The drive for devolution to English regions is more than adequately covered in other sections of this issue of DQ. However, what are genuine calls for devolved powers and responsibilities for city regions in the north, can often be seen as an attack on our capital city. Certainly, from my perspective, that is absolutely not the case.
London is one of, if not the, most successful cities in the world. Indeed recently it was given the title ‘most influential world city’ by Forbes, beating places like New York and Paris hands down.
Its recovery from the recession has been driven by determination and hard work – as well as the huge infrastructure resource that it benefits from in terms of government subsidy. As has already been mentioned, London also has Boris, a formidable lobbyist. Before that it had Ken who was even better.
When you visit London, you cannot be other than impressed and energised by the pace, dynamism and excitement that the city exudes. There recently for business and a short weekend break, it was clear to me that I was in a confident place that will continue to grow far faster than not only other parts of the UK, but most parts of the globe too.
It is seen by talented young Brits as the place to head to. It is seen by foreign investors as the place to put their cash. It is seen by Russian billionaires as the place to buy a football team, or failing that property.
For all the chancellor’s talk in recent months of rebalancing the UK economy I just don’t see that happening, and for the north that is not the prize anyway.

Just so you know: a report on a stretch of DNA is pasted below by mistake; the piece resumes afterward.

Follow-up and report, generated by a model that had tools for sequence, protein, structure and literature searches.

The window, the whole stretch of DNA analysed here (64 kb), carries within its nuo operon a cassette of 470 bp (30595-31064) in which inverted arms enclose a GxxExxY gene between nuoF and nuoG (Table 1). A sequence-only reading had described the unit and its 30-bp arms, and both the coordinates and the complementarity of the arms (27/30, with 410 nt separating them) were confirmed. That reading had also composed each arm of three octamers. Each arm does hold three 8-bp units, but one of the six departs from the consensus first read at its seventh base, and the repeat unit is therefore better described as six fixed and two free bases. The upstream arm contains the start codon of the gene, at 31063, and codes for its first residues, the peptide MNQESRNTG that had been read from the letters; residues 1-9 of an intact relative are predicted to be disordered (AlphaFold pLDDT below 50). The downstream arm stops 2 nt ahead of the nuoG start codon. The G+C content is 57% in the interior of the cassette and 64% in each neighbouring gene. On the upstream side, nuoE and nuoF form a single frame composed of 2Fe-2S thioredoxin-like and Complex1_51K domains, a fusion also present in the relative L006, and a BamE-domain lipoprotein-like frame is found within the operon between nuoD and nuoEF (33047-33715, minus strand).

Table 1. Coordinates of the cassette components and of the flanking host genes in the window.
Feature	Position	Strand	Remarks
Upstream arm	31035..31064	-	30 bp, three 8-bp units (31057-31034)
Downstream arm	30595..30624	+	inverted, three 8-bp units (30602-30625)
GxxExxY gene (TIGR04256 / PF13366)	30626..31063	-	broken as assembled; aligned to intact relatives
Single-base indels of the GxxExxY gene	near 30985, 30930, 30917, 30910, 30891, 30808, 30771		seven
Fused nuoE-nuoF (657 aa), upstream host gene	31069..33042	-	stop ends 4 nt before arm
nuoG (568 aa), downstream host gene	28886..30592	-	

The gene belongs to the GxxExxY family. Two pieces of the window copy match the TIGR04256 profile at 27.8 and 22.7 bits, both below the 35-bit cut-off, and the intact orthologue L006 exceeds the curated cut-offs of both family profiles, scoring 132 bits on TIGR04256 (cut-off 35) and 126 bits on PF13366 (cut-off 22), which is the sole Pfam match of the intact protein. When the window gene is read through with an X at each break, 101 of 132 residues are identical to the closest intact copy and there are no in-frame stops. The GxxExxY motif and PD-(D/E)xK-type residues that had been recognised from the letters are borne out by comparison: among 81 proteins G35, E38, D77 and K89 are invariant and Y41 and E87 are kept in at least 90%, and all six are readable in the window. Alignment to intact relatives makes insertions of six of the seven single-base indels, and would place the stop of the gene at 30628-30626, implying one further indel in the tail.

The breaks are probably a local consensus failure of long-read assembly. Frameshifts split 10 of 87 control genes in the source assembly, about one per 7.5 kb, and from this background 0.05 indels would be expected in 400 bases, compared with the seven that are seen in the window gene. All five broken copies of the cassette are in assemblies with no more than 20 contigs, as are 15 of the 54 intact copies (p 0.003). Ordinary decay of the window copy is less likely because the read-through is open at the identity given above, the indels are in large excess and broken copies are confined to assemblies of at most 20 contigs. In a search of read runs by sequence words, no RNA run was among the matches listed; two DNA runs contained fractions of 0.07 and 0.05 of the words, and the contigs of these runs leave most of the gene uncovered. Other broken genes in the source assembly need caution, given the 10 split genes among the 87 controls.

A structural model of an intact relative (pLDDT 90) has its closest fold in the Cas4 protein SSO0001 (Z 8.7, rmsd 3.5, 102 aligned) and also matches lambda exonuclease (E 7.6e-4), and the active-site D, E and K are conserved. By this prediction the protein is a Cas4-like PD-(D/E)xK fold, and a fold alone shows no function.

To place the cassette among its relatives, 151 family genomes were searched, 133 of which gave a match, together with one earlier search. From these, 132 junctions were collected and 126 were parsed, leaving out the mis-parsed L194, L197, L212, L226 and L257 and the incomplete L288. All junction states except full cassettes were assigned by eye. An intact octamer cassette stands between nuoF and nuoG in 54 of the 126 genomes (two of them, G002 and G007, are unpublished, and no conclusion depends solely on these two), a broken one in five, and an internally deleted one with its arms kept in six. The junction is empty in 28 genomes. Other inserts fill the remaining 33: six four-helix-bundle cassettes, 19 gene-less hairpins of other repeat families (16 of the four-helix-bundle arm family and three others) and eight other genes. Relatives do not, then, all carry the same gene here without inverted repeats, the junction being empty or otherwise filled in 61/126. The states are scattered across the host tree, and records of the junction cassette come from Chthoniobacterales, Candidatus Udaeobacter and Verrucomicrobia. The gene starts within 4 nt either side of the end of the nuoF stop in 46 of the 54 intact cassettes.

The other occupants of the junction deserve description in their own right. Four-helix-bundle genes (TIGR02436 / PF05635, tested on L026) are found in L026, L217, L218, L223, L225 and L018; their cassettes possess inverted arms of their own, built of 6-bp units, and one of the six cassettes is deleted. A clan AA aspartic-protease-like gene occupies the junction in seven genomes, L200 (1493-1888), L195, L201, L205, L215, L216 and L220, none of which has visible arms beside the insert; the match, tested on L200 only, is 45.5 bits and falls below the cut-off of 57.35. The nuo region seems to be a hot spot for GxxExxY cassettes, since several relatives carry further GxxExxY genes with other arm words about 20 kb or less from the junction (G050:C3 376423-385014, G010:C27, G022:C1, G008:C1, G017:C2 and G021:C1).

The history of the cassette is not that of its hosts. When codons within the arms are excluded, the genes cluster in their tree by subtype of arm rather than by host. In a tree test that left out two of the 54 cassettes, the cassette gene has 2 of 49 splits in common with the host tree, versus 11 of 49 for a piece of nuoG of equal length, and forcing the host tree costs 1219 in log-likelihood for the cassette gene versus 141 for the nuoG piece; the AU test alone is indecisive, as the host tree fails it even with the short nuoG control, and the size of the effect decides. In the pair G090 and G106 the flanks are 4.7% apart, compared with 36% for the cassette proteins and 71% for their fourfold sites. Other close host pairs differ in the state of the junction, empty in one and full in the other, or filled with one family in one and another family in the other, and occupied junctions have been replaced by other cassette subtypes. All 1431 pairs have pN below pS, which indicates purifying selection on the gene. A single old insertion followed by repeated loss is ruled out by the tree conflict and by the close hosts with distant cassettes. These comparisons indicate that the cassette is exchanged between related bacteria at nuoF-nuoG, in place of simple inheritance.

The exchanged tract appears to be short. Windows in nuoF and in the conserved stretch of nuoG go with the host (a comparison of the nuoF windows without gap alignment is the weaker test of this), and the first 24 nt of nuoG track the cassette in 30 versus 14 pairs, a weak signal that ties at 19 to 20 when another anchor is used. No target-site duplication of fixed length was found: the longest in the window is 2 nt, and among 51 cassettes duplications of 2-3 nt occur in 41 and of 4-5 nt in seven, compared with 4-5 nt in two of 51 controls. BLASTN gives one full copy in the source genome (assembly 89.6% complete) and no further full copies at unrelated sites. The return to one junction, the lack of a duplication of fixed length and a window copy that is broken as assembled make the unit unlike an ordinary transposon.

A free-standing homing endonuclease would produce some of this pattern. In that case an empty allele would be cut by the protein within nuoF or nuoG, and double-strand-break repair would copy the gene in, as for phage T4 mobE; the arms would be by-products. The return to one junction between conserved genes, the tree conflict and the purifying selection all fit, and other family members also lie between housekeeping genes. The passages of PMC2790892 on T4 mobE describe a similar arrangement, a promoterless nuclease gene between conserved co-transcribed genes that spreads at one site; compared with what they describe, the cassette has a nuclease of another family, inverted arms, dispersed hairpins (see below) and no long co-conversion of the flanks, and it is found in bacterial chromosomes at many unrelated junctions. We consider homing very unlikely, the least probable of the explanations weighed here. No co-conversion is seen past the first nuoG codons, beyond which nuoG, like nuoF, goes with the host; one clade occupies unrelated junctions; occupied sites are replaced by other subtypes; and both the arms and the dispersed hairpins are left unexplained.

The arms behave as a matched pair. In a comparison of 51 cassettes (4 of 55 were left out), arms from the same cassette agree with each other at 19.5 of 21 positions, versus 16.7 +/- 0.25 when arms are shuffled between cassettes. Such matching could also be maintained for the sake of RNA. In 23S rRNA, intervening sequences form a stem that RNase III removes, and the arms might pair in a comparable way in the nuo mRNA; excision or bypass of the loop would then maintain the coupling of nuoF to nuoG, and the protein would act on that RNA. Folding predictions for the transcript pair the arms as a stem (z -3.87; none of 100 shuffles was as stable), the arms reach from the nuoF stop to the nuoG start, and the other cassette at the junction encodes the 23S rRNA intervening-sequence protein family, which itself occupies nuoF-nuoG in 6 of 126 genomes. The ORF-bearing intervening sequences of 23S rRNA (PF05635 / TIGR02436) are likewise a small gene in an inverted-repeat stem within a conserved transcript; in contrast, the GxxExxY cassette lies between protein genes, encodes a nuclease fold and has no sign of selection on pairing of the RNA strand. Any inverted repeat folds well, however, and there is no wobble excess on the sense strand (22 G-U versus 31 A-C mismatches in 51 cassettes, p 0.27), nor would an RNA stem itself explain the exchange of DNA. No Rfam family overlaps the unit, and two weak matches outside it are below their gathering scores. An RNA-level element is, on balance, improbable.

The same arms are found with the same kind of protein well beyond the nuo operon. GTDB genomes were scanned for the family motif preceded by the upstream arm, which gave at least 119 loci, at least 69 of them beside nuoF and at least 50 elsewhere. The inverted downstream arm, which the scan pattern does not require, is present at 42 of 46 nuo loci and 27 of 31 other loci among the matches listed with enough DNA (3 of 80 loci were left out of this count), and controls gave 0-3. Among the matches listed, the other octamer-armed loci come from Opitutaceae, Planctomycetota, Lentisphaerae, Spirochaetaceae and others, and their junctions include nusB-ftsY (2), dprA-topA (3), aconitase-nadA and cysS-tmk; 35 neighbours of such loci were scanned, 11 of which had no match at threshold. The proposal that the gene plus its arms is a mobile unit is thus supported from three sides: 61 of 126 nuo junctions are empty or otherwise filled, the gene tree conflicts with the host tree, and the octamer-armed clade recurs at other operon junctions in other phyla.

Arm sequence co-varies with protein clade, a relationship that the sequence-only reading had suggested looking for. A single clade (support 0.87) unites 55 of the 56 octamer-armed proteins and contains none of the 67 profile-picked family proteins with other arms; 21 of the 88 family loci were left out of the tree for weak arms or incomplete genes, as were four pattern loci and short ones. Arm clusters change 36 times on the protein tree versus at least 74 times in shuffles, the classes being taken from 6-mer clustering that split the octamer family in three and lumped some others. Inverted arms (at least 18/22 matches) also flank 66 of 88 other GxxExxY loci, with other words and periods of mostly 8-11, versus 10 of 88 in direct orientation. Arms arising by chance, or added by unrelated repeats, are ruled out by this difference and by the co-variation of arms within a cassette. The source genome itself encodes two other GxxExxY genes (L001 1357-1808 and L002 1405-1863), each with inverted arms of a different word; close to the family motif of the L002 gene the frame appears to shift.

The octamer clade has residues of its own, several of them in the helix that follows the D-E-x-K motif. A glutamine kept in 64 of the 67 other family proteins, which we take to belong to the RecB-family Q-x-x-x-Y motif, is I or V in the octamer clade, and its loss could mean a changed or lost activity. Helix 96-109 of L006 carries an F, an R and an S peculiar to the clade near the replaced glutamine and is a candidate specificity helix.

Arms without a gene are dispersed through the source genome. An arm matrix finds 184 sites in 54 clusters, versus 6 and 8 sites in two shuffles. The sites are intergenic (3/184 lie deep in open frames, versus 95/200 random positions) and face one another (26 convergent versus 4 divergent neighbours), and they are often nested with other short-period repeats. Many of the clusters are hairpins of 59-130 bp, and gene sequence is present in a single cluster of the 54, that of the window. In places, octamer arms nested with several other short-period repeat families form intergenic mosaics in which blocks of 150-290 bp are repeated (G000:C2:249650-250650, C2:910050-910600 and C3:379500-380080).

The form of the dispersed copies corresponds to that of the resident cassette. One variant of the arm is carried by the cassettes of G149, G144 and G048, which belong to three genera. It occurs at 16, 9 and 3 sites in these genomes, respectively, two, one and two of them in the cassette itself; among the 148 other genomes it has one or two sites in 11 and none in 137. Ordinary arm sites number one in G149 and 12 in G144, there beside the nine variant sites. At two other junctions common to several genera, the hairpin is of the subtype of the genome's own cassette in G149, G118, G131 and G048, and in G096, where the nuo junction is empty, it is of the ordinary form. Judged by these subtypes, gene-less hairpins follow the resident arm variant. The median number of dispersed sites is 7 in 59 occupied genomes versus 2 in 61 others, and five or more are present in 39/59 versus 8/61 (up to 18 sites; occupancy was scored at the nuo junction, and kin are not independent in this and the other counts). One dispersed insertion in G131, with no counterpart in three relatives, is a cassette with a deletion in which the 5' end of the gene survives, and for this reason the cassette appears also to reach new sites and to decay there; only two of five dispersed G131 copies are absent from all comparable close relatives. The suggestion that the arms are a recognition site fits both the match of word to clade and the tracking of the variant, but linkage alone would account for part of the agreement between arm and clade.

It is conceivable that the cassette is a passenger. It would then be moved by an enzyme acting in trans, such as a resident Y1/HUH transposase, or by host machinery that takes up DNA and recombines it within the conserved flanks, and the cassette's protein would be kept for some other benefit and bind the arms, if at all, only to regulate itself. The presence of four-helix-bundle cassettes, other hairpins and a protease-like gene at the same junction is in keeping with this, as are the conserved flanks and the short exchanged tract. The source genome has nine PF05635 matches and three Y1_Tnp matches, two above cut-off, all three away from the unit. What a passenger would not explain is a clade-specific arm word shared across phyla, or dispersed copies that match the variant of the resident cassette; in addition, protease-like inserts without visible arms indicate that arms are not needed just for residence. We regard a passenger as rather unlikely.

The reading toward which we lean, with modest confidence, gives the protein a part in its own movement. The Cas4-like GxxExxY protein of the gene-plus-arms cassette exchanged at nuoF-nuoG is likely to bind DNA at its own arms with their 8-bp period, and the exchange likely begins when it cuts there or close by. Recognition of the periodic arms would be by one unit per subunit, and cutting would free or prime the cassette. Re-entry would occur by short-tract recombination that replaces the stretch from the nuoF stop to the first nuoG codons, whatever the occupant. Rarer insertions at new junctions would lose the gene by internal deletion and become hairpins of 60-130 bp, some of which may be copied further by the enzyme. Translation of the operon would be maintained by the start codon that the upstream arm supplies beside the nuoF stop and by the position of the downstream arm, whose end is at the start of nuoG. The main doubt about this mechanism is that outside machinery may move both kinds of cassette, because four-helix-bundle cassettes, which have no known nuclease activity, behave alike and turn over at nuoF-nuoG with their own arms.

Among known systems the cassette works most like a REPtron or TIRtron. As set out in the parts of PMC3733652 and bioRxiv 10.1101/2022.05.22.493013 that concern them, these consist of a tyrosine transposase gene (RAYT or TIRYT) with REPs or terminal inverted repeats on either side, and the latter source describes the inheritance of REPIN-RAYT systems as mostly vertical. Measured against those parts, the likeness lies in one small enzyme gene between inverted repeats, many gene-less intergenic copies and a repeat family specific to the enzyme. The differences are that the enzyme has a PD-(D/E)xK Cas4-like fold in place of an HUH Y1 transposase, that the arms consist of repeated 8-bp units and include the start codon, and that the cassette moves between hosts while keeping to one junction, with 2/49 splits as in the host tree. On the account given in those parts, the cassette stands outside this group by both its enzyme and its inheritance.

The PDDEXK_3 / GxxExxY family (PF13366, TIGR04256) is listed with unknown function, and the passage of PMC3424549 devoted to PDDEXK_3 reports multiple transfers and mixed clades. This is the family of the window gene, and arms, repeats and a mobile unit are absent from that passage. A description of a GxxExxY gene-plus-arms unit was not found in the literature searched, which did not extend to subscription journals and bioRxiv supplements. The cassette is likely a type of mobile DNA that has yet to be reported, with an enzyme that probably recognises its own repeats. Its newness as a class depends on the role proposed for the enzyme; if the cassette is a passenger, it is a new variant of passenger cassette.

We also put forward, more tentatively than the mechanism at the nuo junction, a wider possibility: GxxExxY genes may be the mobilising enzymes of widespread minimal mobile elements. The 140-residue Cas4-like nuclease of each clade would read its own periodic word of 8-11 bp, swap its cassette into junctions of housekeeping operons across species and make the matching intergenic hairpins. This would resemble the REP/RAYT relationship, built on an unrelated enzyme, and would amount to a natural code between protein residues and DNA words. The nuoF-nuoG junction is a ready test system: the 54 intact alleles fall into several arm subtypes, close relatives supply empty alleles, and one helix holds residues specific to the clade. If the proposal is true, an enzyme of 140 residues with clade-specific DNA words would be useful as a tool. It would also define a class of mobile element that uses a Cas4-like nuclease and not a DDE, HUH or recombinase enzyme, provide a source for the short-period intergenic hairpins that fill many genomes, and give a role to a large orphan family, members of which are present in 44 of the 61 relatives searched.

We all benefit from London’s wealth, from its growth and from its global influence. We don’t want to stymie that.
What we do rightly demand is that London is not the be all and end all, for just like the UK without Scotland, London without the rest of the UK would be much, much poorer.
Why is it a given that High Speed Rail 2 should start to be constructed in the South East and not the North? Why is it inevitable that the additional airport UK PLC needs should be located in London? Why does London control its own transport strategy whilst the rest of the nation has to follow Whitehall dictat?
It is not London or Londoners, that we who argue for greater powers in our regions, have a problem with. It is those in the corridors of Westminster who seem to believe that we ‘up north’ are best left tendering to our allotments and looking after our whippets, rather than being given the power and resources to shape our own destiny.